Geographic Pattern of US Job Growth Unchanged Job Losses Concentrated in Houston, Alaska, Louisiana, and Mideast Regions

Bing Bai Employment 0 Comments

US Annual Change in Employment, Dec 2014 – Dec 2015

A University of Redlands Institute for Spatial Economic Analysis (ISEA) study finds that the spatial distribution of year-over-year job growth in U.S. populated areas exhibits no significant changes in December compared to November. Most regions show 1% to 3% moderate job increases with rapid job increases at more than 5% scattered in a few pockets. More substantial growth at 3% to 5% remain in the same major metropolitan regions such as Seattle, Portland, Dallas, Austin, San Antonio, Phoenix, Salt Lake City, San Jose area, Indianapolis, Charlotte, Durham, Atlanta, Orlando, and both the east and west coasts in Florida. On the other hand, Great Lakes, Mideast regions, Alaska, Houston in Texas, Topeka on the border of Kansas andMissouri and most areas in Louisiana continue shedding jobs. The job growth rate in Chicagohas dropped further by showing more idling areas. Job growth rates still follow the same pattern as last month, i.e. the West and Southeast regions surpass most other regions, and job numbers grow faster in the cities than the periphery. This regional distribution of job growth can be clearly observed in the ISEA employment animation for the U.S. on the ISEA YouTube channel at https://www.youtube.com/user/ISEAatRedlands.

Detailed reports by zip-codes and small regional areas can be generated with the ISEA data-explorer at http://isea.redlands.edu/map/. A short introduction on how to use this map-based interface can also be found at the ISEA YouTube channel. Could you give us some feedback to improve this tool? If yes, please go to https://www.surveymonkey.com/r/ISEASurvey and fill out our 5 minute survey. Thank you very much in advance!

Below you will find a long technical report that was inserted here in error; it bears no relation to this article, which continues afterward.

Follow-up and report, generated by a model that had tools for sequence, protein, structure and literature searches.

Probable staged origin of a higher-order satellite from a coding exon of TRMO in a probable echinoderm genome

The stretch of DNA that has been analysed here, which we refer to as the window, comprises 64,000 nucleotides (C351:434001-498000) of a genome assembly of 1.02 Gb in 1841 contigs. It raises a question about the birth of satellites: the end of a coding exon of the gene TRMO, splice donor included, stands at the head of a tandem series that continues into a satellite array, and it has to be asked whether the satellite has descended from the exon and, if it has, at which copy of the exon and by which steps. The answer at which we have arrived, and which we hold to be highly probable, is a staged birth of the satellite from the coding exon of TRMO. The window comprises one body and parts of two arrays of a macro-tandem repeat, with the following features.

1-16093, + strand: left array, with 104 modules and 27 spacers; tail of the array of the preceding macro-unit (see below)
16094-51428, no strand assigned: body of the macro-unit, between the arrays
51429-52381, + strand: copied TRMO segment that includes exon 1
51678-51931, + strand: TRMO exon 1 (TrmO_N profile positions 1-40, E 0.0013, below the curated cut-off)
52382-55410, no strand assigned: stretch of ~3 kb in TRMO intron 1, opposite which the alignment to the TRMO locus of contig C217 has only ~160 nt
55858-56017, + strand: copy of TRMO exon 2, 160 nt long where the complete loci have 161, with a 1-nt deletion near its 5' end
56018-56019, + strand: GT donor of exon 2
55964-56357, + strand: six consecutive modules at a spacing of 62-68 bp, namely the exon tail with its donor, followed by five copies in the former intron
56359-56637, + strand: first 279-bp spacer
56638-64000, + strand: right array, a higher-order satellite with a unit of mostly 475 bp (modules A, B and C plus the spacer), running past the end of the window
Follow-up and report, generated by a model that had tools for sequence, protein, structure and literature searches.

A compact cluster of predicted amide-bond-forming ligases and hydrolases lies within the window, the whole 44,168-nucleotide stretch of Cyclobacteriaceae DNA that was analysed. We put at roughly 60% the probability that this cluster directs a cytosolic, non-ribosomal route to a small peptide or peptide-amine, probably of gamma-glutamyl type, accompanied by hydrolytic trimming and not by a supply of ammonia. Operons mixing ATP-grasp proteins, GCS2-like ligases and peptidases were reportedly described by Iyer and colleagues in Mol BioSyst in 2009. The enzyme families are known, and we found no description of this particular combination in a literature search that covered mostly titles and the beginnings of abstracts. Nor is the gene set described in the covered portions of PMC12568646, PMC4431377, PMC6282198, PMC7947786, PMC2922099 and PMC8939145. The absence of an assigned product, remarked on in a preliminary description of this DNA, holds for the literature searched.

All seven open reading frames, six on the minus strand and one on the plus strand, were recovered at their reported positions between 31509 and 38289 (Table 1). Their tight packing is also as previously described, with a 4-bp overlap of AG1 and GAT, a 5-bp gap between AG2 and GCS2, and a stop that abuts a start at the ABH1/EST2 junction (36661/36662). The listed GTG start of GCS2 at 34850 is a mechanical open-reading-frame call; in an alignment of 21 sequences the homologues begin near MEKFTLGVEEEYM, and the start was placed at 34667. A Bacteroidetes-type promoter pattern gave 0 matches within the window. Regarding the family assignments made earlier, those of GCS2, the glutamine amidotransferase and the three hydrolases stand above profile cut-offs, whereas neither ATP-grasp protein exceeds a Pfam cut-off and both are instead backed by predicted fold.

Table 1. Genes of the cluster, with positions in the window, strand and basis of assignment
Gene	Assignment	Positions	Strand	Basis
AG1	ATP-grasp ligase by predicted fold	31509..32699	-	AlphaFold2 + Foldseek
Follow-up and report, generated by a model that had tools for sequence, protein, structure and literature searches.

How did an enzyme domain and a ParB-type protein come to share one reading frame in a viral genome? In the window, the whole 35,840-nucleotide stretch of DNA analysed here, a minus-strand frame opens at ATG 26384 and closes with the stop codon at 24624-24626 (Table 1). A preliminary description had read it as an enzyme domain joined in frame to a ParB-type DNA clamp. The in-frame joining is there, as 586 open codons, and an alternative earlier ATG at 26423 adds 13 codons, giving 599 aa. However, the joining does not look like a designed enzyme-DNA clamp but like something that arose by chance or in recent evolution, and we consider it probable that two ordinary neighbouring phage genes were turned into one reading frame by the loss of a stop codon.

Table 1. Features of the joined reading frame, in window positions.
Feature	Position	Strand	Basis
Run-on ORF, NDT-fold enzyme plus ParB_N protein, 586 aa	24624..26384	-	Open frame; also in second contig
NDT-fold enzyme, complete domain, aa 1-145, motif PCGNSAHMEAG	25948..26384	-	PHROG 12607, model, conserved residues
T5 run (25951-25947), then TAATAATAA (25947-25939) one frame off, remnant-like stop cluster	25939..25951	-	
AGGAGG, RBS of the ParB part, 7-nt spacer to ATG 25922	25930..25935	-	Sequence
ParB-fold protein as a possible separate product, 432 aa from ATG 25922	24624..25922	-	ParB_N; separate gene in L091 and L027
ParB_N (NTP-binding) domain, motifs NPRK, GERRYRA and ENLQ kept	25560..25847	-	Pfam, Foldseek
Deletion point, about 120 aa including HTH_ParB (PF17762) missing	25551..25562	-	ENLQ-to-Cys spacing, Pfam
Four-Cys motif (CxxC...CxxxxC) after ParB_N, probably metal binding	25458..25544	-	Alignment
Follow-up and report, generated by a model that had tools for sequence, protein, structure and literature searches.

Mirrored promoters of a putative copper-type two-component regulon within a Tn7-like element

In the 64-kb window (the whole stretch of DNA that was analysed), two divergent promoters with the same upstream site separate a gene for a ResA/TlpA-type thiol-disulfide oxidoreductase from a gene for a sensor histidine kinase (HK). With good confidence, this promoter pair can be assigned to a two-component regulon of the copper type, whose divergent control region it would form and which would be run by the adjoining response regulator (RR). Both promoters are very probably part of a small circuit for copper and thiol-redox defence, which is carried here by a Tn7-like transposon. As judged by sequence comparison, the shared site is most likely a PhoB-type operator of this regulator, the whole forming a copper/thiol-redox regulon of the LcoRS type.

METHODOLOGY

The researchers combined today’s data release on employment by industry from the California Employment Development Department with business pattern data by zip code and industry from the U.S. Census Bureau to arrive at their projected values. The researchers point out that, given the data available to them, their projected values are only rough approximations of the true values, and that accuracy is higher for counties with larger populations. Despite those shortcomings, the observed patterns should still be helpful for decision makers in politics, businesses and organizations to determine where to best direct their efforts.

About the University of Redlands Institute for Spatial Economic Analysis (ISEA)

The Institute for Spatial Economic Analysis (ISEA) serves regional, national and global business and government leaders in their needs to better understand how socio-economic phenomena affect their communities.  A division of the University of Redlands School of Business, ISEA publishes ongoing, timely reports covering retail, employment, housing, logistics and other special topics. A key distinction of the Institute is its ability to illustrate economic trends and patterns through the use of geo-spatial mapping techniques. In addition, ISEA’s ability to provide Zip code level analysis for many of its reports provides unprecedented detail.  Current ISEA economic data and interactive maps may be found at http://isea.redlands.edu/.

Additional Maps

Southeast Annual Change in Employment, Dec 2014 – Dec 2015

Southwest Annual Change in Employment, Dec 2014 – Dec 2015

FarWest Annual Change in Employment, Dec 2014 – Dec 2015

Rocky Mountains Annual Change in Employment, Dec 2014 – Dec 2015

Plains Annual Change in Employment, Dec 2014 – Dec 2015

Great Lakes Annual Change in Employment, Dec 2014 – Dec 2015

Mideast Annual Change in Employment, Dec 2014 – Dec 2015

New England Annual Change in Employment, Dec 2014 – Dec 2015

Hawaii Annual Change in Employment, Dec 2014 – Dec 2015

Alaska Annual Change in Employment, Dec 2014 – Dec 2015

Contact

Author: Bing Bai, Ph.D.
Faculty Fellow at the Institute for Spatial Economic Analysis,
University of Redlands, School of Business

Contact: Johannes Moenius, Ph.D., isea@redlands.edu, 909-557-8161
Director, Institute for Spatial Economic Analysis,
University of Redlands, School of Business

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